Recognising the newfound importance of the Chinese wine market, New Zealand’s vintners are pulling out the stops to make sure their exports have a place in Far East cellars.
The country’s wine exports to China sat at a modest NZ$2.44m in 2008, before embarking on exponential growth that saw the figure reach 17m in 2011 and $25m over the first six months of last year alone.
But although there is much cause for optimism, the Chinese market is certainly not without its challenges.
China’s relationship with wine can be traced back 2,000 years, but today it represents only 2% of alcohol consumed in volume in China, and 5% in value. Global exporters might be seeing the country as a new Klondike for wine, but getting their message across to consumers—especially in this relatively new industry space—is taking some effort.
Understanding the market
In November last year New Zealand Trade and Enterprise (NZTE) and New Zealand Winegrowers (NZW) hosted leading Chinese wine influencers and journalists on a tour of the main Kiwi wineries, followed by a series of seminars where in-market experts shared insights into the opportunities and challenges of the China wine market, with more than 75 wineries from across New Zealand in attendance.
Furthermore, over the last six months, Karyn Murray, NZTE’s wine envoy to China, has been seeking to learn how best to communicate New Zealand wine’s attributes in a way that resonates with Chinese trade and consumers.
“We’ve been busy loading the sling and identifying targets, and now it’s time to start firing the shots. This is all about creating sustainable, profitable growth for New Zealand wineries, and we’re excited about the partnership between NZTE, NZW and wineries looking to exploit the huge opportunity that exists in China.”
The New Zealand government's trade agency and the country's wine industry body have also begun a joint wine certification program for Chinese experts as part of a bid to boost sales in China over the next three to five years.
The first group of eight Chinese experts has just completed the course with a 90-minute exam after a three-day intensive course in New Zealand's Hawke's Bay region.
Monty James, NZW’s marketing manager for Asia, told China’s Xinhua new agency that the New Zealand Wine Education programme would provide wine influencers, media and educators with in-depth information about New Zealand wine.
"The course is ultimately designed to provide information that builds confidence to tell and sell the New Zealand wine story, which will supplement the promotion from the individual wine companies and their Chinese importers," he said.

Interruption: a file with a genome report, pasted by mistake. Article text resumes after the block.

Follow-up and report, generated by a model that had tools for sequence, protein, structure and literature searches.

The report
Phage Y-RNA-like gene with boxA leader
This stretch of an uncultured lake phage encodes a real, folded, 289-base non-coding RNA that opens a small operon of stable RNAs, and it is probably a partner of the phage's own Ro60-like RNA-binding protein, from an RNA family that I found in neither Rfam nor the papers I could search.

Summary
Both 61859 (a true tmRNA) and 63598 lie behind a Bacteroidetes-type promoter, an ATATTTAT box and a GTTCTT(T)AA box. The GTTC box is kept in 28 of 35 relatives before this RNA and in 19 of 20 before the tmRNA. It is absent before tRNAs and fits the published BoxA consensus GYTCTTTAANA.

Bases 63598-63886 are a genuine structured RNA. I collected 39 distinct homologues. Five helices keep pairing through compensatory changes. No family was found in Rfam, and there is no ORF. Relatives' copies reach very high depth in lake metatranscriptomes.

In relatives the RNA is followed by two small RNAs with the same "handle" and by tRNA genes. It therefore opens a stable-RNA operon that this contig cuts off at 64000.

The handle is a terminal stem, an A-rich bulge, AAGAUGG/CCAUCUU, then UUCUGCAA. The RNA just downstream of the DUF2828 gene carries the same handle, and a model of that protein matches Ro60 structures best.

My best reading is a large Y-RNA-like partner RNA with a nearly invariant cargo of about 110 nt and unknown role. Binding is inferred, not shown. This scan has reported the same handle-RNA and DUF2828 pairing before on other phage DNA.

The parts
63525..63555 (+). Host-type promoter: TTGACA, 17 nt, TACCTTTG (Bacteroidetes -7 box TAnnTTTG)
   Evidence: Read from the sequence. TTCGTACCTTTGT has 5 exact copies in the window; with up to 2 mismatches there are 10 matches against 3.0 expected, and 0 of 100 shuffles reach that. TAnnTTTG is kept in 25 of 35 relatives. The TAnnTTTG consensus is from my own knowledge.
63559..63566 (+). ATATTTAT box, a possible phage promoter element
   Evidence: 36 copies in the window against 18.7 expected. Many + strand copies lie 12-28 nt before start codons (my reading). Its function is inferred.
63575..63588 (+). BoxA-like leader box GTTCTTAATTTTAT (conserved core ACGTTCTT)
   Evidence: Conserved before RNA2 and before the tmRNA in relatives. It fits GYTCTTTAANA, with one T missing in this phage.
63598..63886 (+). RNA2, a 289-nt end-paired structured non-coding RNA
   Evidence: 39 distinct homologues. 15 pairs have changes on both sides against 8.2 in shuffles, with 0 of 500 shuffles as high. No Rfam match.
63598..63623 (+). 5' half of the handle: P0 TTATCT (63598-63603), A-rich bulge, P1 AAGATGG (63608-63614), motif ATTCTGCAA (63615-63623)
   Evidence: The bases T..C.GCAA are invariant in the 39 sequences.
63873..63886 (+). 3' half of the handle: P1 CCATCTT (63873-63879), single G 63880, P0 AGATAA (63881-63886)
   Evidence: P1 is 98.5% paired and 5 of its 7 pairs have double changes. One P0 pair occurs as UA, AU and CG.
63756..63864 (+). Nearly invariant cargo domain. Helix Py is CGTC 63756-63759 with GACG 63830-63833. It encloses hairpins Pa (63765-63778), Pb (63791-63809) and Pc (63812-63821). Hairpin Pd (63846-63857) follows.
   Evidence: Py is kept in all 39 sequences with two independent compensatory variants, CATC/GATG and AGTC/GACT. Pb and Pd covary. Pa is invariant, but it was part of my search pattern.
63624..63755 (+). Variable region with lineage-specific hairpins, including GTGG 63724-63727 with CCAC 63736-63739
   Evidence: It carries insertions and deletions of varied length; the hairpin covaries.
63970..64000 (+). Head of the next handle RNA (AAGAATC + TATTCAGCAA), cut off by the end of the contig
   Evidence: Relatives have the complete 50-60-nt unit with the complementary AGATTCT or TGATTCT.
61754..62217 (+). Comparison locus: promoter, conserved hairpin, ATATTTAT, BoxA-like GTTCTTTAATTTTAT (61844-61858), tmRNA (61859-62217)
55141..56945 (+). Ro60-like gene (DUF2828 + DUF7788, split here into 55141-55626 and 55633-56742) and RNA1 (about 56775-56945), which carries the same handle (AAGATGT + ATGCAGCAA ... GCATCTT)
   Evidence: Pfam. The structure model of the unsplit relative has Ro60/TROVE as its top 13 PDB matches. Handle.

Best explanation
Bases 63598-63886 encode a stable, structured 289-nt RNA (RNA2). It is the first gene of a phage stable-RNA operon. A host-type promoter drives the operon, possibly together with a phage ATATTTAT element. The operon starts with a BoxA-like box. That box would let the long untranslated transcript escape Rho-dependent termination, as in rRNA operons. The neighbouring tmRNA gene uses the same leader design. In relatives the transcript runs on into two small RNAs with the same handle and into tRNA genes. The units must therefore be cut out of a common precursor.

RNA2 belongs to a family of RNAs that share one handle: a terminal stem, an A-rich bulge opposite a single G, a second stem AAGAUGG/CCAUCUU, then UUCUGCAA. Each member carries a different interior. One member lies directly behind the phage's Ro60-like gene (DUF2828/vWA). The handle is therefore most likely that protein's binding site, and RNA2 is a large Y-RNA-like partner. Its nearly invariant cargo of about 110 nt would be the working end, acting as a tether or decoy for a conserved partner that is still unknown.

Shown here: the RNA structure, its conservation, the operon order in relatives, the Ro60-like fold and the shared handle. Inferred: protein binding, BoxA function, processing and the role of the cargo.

"What we are piloting, through education and tasting, is a base of clear, concise Chinese-language materials, presentations that position New Zealand as a unique, premium and diverse wine producing country with a world-class sustainability programme."
Show you care
John Isacs, a well-respected China-based wine writer, businessman and wine consultant who presented at the first course, said China doesn’t reward casual relationships. “The more you show you care and visit, the greater the results will be,” he warned.
The biggest barrier to entry, according to Isacs, is finding the right partner. When it comes to identifying qualified importers in China, it’s slim pickings and of the qualified bunch, most already have too many brands in their portfolio. Undertaking due diligence to ensure potential partners have the ability to sell your wine, and that they’re a good fit with your brand, is of critical importance, he advised.
Other barriers include low market share, unknown New Zealand wine producing regions, the newness of Sauvignon Blanc and Pinot Noir to the Chinese consumer, and a general lack of awareness around brands–particularly a lack of presence of famous brands.
To build a successful New Zealand wine brand in China, said Isacs, it is imperative that NZTE, NZW and producers work together because each has an important role to play. “Importers will not, and cannot, do the branding by themselves. However, because the China wine market is still in its relative infancy, there is time to gradually and cost-effectively build a New Zealand wine brand and doing so requires a well-balanced blend of traditional and new approaches,” he said.
In May last year, NZW completed its biggest-ever road show, in Beijing and Shanghai, which saw a huge growth in attendance from the previous year's events.
The Beijing event saw a 91% increase in trade attendance numbers, with 465 attendees, while Shanghai saw a 25% rise to 402 attendees, according to the winegrowners association.